I do wonder how the new propaganda tool, social media that seeks to manipulate messaging that ferments division and hatred will be depicted in the art of the future? 
If nothing, a headache is certain.
The sculptures in Rebus are playful and intriguing as they transform from a simple edge into different shapes depending on how they are viewed. Guess much like the truth of anything. Light playing it’s own role in resolving the puzzle of the logical and illogical.
I couldn’t connect the massive sculptures in the main gallery to the vista through the windows to the mountains. It seems unlikely that the sculptures were randomly placed, without taking the movement of sunlight and the backdrop into account. 
Senses beaten into submission?
Silhouette figures in cut out steel, Solid Shadows at the entrance evoke the same feelings I experienced walking through an abandoned steel mill, or mine. Casting shadows of past glory, they remain hunks of black steel, against blue skies.
Diary of an Adventure

Gallery Adventure

Why Should I Hesitate: Putting Drawings to Work’, the William Kentridge exhibitions At the Zeitz MOCAA
Of particular significance for me, the inclusion of his studio practice within the exhibition was fascinating and how the video’s of his works have been developed into the stories that, while profoundly disturbing, capture his whirling mind within the environment that directs his creative process. 
‘The studio is central. It is the space in which we discover who we are, through the process of making.’
William Kentridge
Senses overloaded by the visuals that if not dramatic enough in black and white, with streaks of red, screamed at you through the large megaphones. Both those depicted visually and those blasting sound within the installations. Ramming his message home in a ‘deaf’ world?
I was glad to come out into the sunshine and a glass of wine! 
Why Should I Hesitate: Sculpture, at the Norval Foundation. 
Clever. Bizarre. Disturbing. Fantastical. Noise. His signature megaphones, less of ‘His Master’s Voice’ but rather those used to cower through blasted propaganda.
I do wonder how the new propaganda tool, social media that seeks to manipulate messaging that ferments division and hatred will be depicted in the art of the future? 
If nothing, a headache is certain.
The sculptures in Rebus are playful and intriguing as they transform from a simple edge into different shapes depending on how they are viewed. Guess much like the truth of anything. Light playing it’s own role in resolving the puzzle of the logical and illogical.
I couldn’t connect the massive sculptures in the main gallery to the vista through the windows to the mountains. It seems unlikely that the sculptures were randomly placed, without taking the movement of sunlight and the backdrop into account. 
Senses beaten into submission?
Silhouette figures in cut out steel, Solid Shadows at the entrance evoke the same feelings I experienced walking through an abandoned steel mill, or mine. Casting shadows of past glory, they remain hunks of black steel, against blue skies.
Diary of an Adventure

Harbour Town Adventures

Small Cape-sugarbird painting and two new scarf designs based on the Irises and Foxgloves and the abstract seascape from Pringle Bay. Hours grappling with the enforced software changes as Apple eliminate third party software.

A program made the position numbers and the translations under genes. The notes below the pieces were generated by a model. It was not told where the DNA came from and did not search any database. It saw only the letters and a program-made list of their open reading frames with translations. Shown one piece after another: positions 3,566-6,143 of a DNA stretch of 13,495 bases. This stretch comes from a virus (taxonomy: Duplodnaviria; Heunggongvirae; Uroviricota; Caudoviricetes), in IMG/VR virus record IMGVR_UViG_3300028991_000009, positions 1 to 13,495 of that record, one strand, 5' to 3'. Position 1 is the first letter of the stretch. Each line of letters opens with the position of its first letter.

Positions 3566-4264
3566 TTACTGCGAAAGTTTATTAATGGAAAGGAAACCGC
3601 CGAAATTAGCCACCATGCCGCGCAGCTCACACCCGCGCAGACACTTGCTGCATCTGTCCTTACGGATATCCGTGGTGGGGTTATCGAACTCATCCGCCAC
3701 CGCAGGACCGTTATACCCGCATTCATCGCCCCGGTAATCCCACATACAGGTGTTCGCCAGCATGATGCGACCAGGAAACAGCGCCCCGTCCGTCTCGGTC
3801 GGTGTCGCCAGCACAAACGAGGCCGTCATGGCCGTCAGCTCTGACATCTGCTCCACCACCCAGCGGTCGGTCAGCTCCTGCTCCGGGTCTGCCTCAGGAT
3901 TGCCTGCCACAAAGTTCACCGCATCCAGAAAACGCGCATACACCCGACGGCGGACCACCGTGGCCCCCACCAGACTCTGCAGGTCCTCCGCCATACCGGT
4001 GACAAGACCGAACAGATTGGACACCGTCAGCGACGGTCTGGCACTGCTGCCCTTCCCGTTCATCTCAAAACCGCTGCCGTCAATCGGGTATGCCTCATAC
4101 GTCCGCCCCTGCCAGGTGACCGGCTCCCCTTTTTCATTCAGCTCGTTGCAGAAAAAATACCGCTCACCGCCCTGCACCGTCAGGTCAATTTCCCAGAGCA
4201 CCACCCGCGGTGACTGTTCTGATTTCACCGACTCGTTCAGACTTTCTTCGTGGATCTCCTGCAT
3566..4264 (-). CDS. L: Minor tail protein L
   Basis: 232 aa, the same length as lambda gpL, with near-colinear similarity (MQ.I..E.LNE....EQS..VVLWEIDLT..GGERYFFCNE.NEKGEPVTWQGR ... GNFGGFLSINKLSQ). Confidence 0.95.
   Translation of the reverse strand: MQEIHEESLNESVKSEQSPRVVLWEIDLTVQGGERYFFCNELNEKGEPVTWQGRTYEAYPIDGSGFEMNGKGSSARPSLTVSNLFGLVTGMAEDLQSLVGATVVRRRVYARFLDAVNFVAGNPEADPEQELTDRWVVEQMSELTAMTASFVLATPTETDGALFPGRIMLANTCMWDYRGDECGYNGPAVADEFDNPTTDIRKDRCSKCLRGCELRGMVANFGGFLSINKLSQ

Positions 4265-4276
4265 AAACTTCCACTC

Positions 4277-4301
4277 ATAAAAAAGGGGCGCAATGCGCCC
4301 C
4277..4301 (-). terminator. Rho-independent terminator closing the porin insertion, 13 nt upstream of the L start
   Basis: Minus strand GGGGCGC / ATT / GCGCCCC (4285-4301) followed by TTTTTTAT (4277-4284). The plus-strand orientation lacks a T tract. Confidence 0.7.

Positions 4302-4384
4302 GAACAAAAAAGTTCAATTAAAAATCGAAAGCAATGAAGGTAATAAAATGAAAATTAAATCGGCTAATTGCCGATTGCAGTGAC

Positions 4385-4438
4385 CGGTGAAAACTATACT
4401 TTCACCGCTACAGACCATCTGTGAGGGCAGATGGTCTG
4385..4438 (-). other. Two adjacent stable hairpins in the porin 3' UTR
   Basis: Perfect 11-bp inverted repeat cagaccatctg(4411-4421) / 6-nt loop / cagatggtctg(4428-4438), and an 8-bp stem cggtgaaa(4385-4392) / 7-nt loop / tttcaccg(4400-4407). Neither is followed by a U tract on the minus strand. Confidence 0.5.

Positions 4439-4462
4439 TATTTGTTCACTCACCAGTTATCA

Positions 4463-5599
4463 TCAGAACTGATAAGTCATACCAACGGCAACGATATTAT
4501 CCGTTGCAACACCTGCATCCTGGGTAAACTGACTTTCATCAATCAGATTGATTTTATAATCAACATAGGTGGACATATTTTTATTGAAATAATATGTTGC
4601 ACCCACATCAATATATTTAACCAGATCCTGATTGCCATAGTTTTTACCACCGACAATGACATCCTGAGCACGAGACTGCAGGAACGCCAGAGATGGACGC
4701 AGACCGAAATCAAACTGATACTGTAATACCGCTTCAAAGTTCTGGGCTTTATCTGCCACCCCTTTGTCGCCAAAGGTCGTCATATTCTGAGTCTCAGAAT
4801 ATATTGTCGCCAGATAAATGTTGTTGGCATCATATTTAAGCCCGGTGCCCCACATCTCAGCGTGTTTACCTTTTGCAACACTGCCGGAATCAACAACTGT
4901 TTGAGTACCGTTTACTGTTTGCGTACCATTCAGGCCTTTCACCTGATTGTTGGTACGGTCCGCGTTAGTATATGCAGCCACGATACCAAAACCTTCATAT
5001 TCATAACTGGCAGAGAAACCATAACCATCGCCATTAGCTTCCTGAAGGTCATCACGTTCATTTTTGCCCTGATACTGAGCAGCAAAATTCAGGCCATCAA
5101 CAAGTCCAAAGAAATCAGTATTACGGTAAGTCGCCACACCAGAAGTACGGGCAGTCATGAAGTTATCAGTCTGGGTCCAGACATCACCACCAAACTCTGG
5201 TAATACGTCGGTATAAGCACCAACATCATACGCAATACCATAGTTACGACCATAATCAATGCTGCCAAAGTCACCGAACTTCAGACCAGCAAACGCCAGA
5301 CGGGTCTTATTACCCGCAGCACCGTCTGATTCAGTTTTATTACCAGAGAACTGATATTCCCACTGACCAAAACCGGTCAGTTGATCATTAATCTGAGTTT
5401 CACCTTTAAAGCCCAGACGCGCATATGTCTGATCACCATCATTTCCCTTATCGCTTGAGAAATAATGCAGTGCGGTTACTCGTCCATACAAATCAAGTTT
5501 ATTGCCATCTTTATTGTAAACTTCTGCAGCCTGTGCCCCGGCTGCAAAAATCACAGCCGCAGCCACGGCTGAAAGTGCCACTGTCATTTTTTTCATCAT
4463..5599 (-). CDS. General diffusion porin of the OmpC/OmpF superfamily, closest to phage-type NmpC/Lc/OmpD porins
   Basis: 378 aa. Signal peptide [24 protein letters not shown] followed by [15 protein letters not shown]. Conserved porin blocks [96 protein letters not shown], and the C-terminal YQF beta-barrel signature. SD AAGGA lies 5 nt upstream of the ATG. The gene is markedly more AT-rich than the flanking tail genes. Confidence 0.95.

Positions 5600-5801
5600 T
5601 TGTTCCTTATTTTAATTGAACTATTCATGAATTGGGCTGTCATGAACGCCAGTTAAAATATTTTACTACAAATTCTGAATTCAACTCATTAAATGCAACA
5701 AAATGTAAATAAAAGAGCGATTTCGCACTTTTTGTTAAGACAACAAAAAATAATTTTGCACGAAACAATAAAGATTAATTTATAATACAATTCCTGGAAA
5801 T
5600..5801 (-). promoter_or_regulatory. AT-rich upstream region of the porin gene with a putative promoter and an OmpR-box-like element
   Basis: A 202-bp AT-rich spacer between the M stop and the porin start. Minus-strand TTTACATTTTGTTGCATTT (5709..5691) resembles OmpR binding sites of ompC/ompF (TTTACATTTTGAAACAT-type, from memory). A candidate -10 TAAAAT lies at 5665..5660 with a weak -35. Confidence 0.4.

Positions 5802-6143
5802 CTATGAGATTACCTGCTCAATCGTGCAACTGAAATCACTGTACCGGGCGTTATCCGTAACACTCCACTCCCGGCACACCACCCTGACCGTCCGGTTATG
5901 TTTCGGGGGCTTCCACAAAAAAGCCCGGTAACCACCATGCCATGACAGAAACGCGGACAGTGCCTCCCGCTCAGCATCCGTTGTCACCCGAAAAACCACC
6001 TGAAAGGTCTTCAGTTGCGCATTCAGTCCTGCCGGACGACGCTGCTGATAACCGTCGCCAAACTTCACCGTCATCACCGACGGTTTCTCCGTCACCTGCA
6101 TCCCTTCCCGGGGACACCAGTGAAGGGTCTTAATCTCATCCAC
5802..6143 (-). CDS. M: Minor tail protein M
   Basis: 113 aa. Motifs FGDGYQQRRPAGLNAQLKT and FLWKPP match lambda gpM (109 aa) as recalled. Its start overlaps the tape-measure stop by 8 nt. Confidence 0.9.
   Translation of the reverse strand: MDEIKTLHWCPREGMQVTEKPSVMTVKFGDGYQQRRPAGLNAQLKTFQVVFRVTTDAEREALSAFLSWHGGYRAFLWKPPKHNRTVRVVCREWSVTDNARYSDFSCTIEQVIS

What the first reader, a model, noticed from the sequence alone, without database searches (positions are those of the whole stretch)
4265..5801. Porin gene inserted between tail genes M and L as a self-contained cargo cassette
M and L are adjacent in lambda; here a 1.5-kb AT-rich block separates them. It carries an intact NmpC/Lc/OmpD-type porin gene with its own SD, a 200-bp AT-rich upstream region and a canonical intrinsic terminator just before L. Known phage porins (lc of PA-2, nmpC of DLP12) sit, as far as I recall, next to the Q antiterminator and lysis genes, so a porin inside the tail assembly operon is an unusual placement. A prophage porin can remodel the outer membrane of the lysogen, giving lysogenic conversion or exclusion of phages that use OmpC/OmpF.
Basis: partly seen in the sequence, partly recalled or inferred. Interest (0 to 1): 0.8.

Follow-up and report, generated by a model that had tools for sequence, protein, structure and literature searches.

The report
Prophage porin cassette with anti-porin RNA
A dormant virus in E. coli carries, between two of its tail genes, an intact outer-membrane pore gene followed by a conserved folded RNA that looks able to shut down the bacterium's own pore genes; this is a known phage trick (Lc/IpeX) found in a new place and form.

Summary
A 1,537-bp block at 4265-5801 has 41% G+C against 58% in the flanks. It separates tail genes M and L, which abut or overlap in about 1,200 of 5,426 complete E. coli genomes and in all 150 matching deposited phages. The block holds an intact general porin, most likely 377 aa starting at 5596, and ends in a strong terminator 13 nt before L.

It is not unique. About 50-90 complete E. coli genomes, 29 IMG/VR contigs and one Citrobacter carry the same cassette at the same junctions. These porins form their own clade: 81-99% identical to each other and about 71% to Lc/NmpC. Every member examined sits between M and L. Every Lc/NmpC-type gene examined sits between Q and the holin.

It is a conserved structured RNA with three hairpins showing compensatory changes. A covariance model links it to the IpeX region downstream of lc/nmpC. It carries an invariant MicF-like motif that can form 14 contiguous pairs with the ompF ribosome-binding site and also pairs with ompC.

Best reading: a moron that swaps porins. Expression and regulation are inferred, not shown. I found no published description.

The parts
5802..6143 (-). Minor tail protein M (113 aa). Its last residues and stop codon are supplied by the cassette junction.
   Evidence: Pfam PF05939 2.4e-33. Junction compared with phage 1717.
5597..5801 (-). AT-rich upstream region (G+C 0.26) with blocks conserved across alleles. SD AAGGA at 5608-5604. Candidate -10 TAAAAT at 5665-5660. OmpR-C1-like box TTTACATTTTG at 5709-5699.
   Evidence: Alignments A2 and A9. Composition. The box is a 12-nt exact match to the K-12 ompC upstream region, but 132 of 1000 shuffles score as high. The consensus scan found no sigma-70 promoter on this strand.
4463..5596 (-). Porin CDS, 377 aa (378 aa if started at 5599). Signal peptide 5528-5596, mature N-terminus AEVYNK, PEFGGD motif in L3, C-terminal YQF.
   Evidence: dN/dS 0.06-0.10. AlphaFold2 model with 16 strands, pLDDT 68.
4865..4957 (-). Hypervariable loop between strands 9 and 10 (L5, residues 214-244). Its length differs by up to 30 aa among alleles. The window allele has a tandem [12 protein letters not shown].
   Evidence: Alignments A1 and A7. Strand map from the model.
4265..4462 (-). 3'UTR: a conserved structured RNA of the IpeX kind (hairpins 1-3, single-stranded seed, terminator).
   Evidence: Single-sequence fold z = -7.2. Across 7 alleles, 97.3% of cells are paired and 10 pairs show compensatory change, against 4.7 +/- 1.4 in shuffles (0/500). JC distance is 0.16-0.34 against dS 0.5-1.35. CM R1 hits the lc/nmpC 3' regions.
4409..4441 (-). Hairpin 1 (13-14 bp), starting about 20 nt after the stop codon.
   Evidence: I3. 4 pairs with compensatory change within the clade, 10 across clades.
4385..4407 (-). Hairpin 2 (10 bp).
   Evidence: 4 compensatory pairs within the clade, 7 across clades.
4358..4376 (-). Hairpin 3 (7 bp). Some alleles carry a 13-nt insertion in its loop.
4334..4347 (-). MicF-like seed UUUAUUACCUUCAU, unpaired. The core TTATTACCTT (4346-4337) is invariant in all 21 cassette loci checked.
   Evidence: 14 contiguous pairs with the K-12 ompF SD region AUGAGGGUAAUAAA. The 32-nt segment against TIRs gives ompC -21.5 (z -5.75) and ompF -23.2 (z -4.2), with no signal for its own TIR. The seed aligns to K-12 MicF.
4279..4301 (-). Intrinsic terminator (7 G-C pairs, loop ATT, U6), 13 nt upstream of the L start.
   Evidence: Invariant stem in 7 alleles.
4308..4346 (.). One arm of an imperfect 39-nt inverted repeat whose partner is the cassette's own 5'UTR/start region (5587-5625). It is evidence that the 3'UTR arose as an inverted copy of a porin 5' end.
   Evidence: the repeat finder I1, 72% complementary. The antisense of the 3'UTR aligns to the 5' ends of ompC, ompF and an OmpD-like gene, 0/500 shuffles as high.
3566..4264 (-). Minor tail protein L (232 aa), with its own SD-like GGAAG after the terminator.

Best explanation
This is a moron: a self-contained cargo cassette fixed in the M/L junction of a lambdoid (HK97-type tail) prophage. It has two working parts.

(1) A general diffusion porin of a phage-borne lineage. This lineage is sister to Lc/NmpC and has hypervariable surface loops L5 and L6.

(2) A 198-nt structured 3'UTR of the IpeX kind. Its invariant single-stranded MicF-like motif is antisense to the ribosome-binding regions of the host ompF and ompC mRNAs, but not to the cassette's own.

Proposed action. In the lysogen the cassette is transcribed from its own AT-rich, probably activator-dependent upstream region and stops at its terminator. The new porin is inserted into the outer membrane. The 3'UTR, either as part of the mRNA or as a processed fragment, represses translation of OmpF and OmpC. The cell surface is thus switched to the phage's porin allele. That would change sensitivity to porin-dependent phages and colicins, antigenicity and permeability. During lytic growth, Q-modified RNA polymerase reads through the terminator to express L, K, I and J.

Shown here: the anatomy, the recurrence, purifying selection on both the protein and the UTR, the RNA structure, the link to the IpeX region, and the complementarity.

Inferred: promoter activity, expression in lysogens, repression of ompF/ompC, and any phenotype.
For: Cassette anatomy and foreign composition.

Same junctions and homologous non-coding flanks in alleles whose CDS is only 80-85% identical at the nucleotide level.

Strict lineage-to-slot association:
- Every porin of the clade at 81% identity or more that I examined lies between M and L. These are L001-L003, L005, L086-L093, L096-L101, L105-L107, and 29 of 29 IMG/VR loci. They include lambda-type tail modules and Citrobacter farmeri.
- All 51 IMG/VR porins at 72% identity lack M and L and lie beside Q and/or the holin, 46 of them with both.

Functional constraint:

Buffel’s dune walk, beach and graffiti. Calf muscles a tad unhappy with the soft sand and steps. Not nearly as unhappy as my bum muscles after their first ride back on my mountain bike! Clavicle complaining at the abuse of the short Red-bridge, White-bridge loop through old Belvedere. 
Studio worked well for an intimate dinner at the long-table. Great weather helped.
Howling winds, and patches of rain. Perfect weather for a Boeuf bourguignon. That Julia Child favourite, but using the recipe from Plate that has the beef marinaded overnight and cooked on the bone. Not the prettiest of dishes, it was delicious. Served with a rich sweet-potato gratin and green beans, not forgetting the compulsory crusty bread for the sauce. 221 Cuve from Alvis Drift worked fabulously.
Diary of an Adventure

Harbour Town Adventures

Studio busy with tourists and a new banner up against the black of the building site next door giving some visibility for the studio. 

A small painting of Cape Sugarbird, and two canvases prepared for the Greyton Art Walk next month. I will be painting there for a couple of days and need the canvases dry enough to travel. 

Resupply of paint a tad extreme. Cyan, an unknown ‘primary’ colour. Both in acrylic and oil paint. 

Axe Hill Machado, the Portuguese word for ‘axe’. 35% Souzão, 30% Touriga Nacional plus dashes of Shiraz and Tinta Barocca from Carlitzdorp is big, generous and chewy. Not quite the wine I would have chosen for a hot summer afternoon. However, it pushed the sun into the shadows and with a rich gorgonzola couldn’t be faulted.
Mountain bike back from its service With new cycling shorts to add that extra layer of bum-protection, I’m hoping that my collar-bone won’t protest too much.
Great to see the paddle steamer back at its mooring, after almost submerging earlier in the year. Summer sunsets wouldn’t be the same without the paddle steamer crossing in front of the apartment.
Blood sugars settling back to less scary levels.